V.10 The Millennium Development Goals Map

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The World Bank

The National Geographic Society

The World Bank’s Data Group, National Geographic, and the United Nations undertook a partnership in 2005 to raise awareness of the Millennium Development Goals (MDGs) by producing and disseminating a large-format, full-color wall map highlighting progress toward the goals. National Geographic was responsible for the cartography and design, with input from the World Bank. The data was taken from the World Bank’s World Development Indicators (WDI) database and the United Nations’ website. Produced in 2006, the map presents data up to 2004. The center map portrays the world by income, thus providing a global overview of poverty, the first MDG. All eight MDG goals and their human impact are shown below the world map. The map and charts in the upper-right corner show that much progress has been made in reducing poverty. Prospects are good that the 2015 goal will be met—i.e., the proportion of people that live on less than U.S. $1 a day will be reduced by half. The MDGs are an international commitment. They have been accepted by both poor and rich countries as a framework for measuring development progress. Poor countries have actively committed to reducing poverty. Wealthy countries have promised to support global economic and social development. Keep the promise. Visit http://un.org/millenniumgoals.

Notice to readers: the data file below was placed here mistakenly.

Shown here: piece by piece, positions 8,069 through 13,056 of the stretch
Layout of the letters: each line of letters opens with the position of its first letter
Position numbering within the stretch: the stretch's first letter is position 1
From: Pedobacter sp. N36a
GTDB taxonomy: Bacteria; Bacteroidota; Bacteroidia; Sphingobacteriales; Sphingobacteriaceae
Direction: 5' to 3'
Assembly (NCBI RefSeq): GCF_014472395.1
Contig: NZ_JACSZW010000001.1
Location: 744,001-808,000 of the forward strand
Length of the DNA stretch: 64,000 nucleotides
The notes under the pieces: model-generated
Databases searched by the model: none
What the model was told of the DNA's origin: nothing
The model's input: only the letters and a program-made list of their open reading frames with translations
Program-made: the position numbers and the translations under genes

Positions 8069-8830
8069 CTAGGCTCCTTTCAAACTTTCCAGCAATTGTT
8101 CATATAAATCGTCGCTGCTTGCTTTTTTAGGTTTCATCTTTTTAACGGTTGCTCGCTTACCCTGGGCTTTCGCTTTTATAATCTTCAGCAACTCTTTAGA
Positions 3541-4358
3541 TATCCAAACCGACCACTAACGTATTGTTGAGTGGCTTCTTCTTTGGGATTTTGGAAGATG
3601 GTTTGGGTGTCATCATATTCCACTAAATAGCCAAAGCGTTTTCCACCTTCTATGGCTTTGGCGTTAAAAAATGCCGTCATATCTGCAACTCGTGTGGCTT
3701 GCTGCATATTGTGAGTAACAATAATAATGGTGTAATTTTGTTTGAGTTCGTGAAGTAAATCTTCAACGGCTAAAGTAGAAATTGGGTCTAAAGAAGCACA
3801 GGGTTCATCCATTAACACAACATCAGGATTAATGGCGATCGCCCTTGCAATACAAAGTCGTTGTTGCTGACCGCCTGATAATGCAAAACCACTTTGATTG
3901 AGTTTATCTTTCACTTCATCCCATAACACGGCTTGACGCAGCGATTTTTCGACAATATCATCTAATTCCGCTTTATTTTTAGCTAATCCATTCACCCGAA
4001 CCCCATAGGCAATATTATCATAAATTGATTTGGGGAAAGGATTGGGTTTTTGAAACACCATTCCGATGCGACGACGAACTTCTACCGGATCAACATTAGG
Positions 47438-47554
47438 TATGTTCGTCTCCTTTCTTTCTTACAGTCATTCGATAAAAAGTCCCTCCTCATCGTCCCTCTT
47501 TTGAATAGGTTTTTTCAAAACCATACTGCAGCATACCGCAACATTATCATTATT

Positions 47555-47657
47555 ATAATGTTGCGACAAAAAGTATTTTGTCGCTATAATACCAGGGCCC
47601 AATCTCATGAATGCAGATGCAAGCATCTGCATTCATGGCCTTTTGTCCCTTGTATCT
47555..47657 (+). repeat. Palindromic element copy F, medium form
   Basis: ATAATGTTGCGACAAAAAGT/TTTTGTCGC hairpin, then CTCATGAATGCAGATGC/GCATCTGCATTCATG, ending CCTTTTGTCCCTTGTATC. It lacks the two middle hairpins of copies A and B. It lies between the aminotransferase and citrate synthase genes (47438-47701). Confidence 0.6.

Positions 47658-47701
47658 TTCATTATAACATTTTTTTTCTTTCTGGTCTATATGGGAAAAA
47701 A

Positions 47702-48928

References:

Department of Public Information, United Nations. 2010. We Can End Poverty 2015: Millennium Development Goals. Accessed September 21, 2011. http://www.un.org/millenniumgoals.

The World Bank Group. 2011. “The Millennium Development Goals Map: Charting Progress toward a Better World.” Data & Research. Accessed September 21, 2011. http://econ.worldbank.org.

The World Bank and National Geographic Society. 2006. The Millennium Development Goals Map: A Global Agenda to End Poverty. Courtesy of The World Bank and The National Geographic Society. In “5th Iteration (2009): Science Maps for Science Policy-Makers,” Places & Spaces: Mapping Science, edited by Katy Börner and Elisha F. Hardy. http://scimaps.org

Acknowledgements: This exhibit is supported by the National Science Foundation under Grant No. IIS-0238261, CHE-0524661, IIS-0534909 and IIS-0715303, the James S. McDonnell Foundation; Thomson Reuters; the Cyberinfrastructure for Network Science Center, University Information Technology Services, and the School of Library and Information Science, all three at Indiana University. Some of the data used to generate the science maps is from the Web of Science by Thomson Reuters and Scopus by Elsevier. Any opinions, findings, and conclusions or recommendations expressed in this material are those of the author(s) and do not necessarily reflect the views of the National Science Foundation.